When Rubens took to painting Silenus he wasn’t grabbing randomly at the bits of ancient mythology floating around in the intellectual breeze. Rubens had a whole program of satyrs and Dionysus and Silenus. . . Rubens was being very Nietzschean here, if we can be anachronistic — literally anachronistic, since it was . . . Rubens who came first and Rubens who first painted Silenus as a central figure within this story of Dionysus.

So that’s The Drunken Silenus. You might find it interesting, but I should mention that, even though it’s a short book, it’s repetitious. The author likes to repeat himself, often in the same paragraph. It also gets tedious near the end, as he starts getting more abstract and paradoxical, suggesting that life is death, and reality is unreal, that kind of thing (I’m not quoting here). It’s the kind of book that’s hard to put down until it’s easy.

The Silence by Don DeLillo

This is Don DeLillo’s new novel, his 18th. It gives the impression that DeLillo, who is 83, has run out of gas.

Five characters confront an unexplained crisis in 2022, during which civilization, at least the parts that rely on electricity or the internet, suddenly stops. A man and woman on a flight from Paris to Newark run into trouble. They eventually make their way to a New York City apartment where two friends, a husband and wife, live. The husband was planning to watch the Super Bowl. The only other character in the novel is the wife’s former student.

Nothing much happens after that. The characters express their fear and confusion by talking in brief bursts, sentence fragments, all sounding the way Don DeLillo often writes (which I usually enjoy). From two randomly chosen pages:

“The semi-darkness. It’s somewhere in the mass mind,” Martin said. “The pause, the sense of having experienced this before. Some kind of natural breakdown or foreign intrusion. A cautionary sense that we inherit from our grandparents or great-grandparents or back beyond. People in the grip of serious threat.”

And:

She thought for a moment. “The painted ceilings. Rome,” she said. “The tourists looking up.”

“Standing absolutely still.”

“Saints and angels. Jesus of Nazareth.”

“The luminous figure. The Nazarene. Einstein,” he said.

It’s a very short book, only 117 pages, with plenty of white space on every page. Maybe it would work as a play. It’s formatted like a typewritten script in what looks like Courier New. There are only five characters. They talk a lot. The play would only need four sets (an airliner, a clinic, an apartment, a street). I’m sorry to say it doesn’t work as a novel.

Beyond Moral Judgment by Alice Crary

Sometimes you (I mean me) finish a book and decide you shouldn’t have bothered. I’m not sure about this one.

It began with an interview. Richard Marshall spoke with philosophy professor Alice Crary as part of his End Times series. This is part of what she said (or wrote, since the conversations are at least partly via email):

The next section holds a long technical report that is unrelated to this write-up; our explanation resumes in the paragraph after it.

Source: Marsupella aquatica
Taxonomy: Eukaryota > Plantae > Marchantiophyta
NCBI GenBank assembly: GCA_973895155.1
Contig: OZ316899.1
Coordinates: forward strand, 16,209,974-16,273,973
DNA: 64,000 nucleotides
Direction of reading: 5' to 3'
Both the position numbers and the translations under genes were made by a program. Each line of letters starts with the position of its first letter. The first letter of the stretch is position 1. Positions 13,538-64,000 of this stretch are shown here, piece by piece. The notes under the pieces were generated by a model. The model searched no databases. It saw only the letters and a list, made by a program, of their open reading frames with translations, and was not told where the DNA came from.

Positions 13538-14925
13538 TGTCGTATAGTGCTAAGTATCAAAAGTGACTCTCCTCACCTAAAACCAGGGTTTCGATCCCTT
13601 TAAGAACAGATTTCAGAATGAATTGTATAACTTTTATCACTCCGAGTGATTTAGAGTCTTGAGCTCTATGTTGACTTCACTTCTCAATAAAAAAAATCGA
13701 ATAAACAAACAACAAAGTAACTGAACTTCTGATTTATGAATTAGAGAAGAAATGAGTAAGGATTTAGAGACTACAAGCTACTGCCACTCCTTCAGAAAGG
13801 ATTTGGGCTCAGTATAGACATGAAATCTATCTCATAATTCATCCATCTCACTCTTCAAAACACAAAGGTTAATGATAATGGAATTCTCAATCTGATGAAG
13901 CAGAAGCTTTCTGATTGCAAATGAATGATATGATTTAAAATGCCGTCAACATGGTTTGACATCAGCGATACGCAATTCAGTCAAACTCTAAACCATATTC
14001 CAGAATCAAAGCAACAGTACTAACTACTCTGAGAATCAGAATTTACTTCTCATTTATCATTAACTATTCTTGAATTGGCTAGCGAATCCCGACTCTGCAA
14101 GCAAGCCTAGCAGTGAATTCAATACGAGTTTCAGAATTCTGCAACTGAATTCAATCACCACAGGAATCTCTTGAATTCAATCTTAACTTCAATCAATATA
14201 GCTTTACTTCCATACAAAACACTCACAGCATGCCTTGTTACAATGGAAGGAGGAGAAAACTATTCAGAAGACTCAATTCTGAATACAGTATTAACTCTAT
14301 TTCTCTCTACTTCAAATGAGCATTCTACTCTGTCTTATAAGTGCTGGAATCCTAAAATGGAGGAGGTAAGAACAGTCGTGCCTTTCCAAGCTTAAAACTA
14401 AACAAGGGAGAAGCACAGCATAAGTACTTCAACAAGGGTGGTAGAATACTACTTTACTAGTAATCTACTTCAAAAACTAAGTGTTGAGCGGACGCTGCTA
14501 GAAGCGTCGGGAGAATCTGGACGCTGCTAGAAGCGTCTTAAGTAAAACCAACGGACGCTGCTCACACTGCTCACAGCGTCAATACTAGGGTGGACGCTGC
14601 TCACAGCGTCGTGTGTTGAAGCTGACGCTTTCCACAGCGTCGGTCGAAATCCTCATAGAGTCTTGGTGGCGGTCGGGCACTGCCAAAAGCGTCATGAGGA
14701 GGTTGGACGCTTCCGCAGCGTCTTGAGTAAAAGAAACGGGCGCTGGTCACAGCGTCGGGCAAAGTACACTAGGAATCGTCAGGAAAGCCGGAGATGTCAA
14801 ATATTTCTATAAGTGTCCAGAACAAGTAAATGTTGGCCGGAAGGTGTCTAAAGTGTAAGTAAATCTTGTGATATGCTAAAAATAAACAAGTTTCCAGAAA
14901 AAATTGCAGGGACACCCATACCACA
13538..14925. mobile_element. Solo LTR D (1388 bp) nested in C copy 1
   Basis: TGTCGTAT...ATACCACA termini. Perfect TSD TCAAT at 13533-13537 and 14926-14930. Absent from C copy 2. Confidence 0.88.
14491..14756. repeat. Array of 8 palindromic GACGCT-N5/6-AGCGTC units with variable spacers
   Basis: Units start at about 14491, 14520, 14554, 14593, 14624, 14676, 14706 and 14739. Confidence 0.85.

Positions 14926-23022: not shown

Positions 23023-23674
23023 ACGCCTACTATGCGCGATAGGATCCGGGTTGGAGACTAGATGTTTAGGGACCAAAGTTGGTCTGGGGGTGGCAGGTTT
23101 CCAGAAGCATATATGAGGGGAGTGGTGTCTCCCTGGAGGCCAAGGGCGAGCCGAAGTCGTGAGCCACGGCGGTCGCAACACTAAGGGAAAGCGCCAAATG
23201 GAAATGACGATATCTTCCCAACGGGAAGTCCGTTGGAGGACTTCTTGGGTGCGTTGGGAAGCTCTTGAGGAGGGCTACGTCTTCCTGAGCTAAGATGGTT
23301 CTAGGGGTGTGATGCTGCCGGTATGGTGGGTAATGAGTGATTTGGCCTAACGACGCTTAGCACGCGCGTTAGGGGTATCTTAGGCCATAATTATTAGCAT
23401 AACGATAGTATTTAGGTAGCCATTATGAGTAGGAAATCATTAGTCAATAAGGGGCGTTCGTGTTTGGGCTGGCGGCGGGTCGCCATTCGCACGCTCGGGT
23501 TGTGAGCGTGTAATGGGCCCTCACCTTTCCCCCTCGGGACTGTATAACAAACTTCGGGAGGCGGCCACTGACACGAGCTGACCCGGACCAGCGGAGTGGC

“Moral realism” is a label that I deliberately don’t use in describing my image of ethics. Not that . . . the term is obviously ill-suited to capture things I believe. It is, for instance, a conviction of mine that that there are morally salient aspects of the world that . . . lend themselves to empirical discovery. A case could easily be made for speaking of moral realism in this connection. But that would likely generate confusion. When I claim that, say, humans and animals have moral qualities that are as such observable, I work with an understanding of what the world is like, and of what is involved in knowing it, that is foreign to familiar discussions of moral realism. These discussions are often structured by the assumption that objectivity excludes anything [related to] human subjectivity. Moral realism is frequently envisioned as an improbable position on which moral values are objective in this subjectivity-extruding sense while still somehow having a direct bearing on action and choice. . . .

A great deal of my work has been devoted to investigating the grip on the contemporary philosophical imagination of conceptions of objectivity—of the sorts operative in these conversations about moral realism—that take the expulsion of everything subjective as their hallmarks. I have repeatedly argued that restrictions these conceptions impose on what kinds of things count as objective are not justified . . . I have tried to show not only that we should reject the restrictions but also that doing so is urgent because necessary for getting morally and politically salient aspects of our lives into view. . . .

 I favor a “wider” conception of objectivity. I mean a conception loose or wide enough to encompass, inter alia, ethical values. . . .

I attack the view—which I describe as narrowly rational—that it is in theory possible to grasp any real connection of thought from an abstract, ethically neutral vantage point. I do so to show that there are ethically decisive considerations that this view leaves us unequipped to recognize, and I take an interest in work in the different humanities, as well as in literature and the other arts, because such work affords resources for uncovering things inaccessible to an abstract gaze. . . .